The mind boggles at the hypocrisy of it all!

 

Offensive words?

Clearly the use of unambiguous, non-political, non-judgemental language acquires a special importance at election time so, in pursuit of Mr Gowers’ recommendations for ‘writing correctly’, we availed of the services of the BBC which has a list of words that have to be used with extreme caution.

For instance God was the least-offensive word to any group whereas Jesus, as an expression of indignation or anger, was considered a mild, everyday word.

In the category of body parts / body functions, arse was not offensive, nor was bum. The BBC also considered crap, fart and knob to be mild and not offensive  (People in this country, however, might think differently!).

Within the ambit of mental illness, broadcasters were urged to avoid retard (it effectively refers to a disability). Other dodgy words included schizo and spastic.

 

Under the heading of sexual orientation, dyke, faggot and queer were considered offensive in certain circumstances.  Everyday words such as pissed (drunk) or piss off (go away!) were not deemed to be seriously offensive. 

B..tard for some people was very strong and offensive, as was Bi.ch (to be avoided at all costs).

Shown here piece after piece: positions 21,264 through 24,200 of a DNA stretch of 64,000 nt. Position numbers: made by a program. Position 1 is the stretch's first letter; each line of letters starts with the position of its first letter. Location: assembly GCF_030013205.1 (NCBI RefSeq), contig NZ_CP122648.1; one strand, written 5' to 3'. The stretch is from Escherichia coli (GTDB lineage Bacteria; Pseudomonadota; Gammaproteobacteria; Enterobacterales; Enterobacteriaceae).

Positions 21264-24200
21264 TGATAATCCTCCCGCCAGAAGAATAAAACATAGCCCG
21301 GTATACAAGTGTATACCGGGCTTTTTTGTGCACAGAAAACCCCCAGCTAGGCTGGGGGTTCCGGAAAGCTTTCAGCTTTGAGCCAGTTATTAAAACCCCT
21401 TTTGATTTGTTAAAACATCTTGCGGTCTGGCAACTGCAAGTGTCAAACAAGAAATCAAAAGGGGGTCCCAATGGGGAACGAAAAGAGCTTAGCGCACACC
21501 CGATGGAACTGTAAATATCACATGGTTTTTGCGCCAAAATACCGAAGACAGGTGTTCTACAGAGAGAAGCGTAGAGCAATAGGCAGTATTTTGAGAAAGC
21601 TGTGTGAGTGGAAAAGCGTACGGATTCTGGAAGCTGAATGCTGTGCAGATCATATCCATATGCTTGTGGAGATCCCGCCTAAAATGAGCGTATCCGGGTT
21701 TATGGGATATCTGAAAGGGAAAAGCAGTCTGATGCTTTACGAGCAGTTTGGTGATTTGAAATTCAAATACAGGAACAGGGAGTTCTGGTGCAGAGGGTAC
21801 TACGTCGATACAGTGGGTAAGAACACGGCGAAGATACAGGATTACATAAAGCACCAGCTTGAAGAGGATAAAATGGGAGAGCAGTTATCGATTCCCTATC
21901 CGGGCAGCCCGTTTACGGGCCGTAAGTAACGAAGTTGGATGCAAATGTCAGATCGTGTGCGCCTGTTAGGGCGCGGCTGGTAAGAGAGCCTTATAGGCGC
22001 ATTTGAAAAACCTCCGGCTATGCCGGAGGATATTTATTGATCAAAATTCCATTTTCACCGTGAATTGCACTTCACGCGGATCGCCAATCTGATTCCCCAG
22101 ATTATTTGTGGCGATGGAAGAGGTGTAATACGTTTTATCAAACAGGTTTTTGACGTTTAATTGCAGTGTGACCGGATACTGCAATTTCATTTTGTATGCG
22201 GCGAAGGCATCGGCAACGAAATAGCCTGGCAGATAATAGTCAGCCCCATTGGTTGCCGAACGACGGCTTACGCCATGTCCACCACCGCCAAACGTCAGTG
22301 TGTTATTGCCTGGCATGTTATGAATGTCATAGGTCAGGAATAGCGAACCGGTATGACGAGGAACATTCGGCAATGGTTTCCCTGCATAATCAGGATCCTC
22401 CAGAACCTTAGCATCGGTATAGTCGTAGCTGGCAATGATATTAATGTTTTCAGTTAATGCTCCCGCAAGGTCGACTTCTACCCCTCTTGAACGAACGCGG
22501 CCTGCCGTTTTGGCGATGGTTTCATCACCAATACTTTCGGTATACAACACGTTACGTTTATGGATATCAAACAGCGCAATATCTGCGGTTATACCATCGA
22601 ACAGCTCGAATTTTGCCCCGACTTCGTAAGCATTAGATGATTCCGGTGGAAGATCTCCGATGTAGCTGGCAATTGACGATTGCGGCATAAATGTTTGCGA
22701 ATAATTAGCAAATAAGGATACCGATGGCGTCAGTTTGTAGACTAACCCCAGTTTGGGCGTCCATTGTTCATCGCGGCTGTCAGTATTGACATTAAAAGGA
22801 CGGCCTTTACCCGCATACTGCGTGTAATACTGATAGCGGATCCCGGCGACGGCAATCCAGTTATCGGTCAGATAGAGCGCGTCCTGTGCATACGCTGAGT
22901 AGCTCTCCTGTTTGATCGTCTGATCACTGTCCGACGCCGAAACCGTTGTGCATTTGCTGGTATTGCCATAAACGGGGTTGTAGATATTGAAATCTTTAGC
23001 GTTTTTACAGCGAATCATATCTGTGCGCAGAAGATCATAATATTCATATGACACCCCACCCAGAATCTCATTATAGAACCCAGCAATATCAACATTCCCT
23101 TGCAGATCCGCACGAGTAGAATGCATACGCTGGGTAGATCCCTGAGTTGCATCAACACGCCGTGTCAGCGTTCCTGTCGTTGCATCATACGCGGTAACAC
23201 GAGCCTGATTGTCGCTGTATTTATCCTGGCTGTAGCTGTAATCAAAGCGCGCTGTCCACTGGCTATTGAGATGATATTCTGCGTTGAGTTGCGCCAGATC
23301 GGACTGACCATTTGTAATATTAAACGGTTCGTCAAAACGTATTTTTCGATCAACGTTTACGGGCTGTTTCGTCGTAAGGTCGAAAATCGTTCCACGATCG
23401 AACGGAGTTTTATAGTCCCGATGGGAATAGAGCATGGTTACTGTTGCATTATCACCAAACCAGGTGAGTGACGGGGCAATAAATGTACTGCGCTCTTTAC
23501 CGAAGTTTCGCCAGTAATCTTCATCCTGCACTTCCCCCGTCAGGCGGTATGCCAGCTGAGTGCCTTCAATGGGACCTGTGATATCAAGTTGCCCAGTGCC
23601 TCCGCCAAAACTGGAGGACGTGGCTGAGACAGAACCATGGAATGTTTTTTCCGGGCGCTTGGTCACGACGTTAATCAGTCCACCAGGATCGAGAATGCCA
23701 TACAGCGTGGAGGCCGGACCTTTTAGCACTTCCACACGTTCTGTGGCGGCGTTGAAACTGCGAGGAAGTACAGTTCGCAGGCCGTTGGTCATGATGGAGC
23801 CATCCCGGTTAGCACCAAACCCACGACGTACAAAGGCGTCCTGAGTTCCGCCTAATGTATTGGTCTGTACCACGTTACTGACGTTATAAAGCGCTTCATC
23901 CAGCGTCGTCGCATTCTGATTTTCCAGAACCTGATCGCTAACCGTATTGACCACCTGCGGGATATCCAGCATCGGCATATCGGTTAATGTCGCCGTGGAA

Sh.g was moderately to strongly offensive, as were bonk and bugger. The BBC needless to say, considered the ‘F’ word very offensive and to be avoided.

 

Urged caution

It also encouraged writers to be particularly careful with terms that fell within the category of racial-religious abuse. For instance, the term chinky-chonk (Chinese restaurant) was not to be used under any circumstances, nor words that might indicate racial abuse, such as nigger, paki and papist (Papist but not Prod?).

As for the word ‘pikey’, which was popularised in the film ‘Snatch’ and starred Brad Pitt as an Irish Traveller, the success of the film did not take the sting out of the word and, in Britain, it remained a harsh term of abuse for describing people suspected of removing lead from roofs, robbing old peoples’ houses, and doing dodgy tarmac jobs.

Quite rightly, the Travelling community considered the term to be offensive. Some years ago, a Formula One commentator got into a spot of bother after he used it in a television broadcast. Referring to repairs being made to the track, he said: ‘There are some pikeys out there putting down new tarmac at Turn 10. Are they out of the way yet?’

The word ‘pikey’, however, is not new. The Oxford English Dictionary states it was first used in print in The Times in 1837, when reference was made to people who had come to the Isle of Sheppey to work in the harvest. It had the meaning of ‘turnpike traveller’ or vagabond.

It’s now a term of abuse in Britain and its use can be deemed a racist offence because of its association with Irish Travellers who, for their part, consider it a most offensive word to throw at them. Linguists suggest that use of the word is intended to mark out Travellers as people who are ‘sub-proletarian.’

No self-respecting Traveller would use it to refer to one of themselves and, in fact, it very much belongs to the language of social discrimination, favoured by those who always have been prejudiced.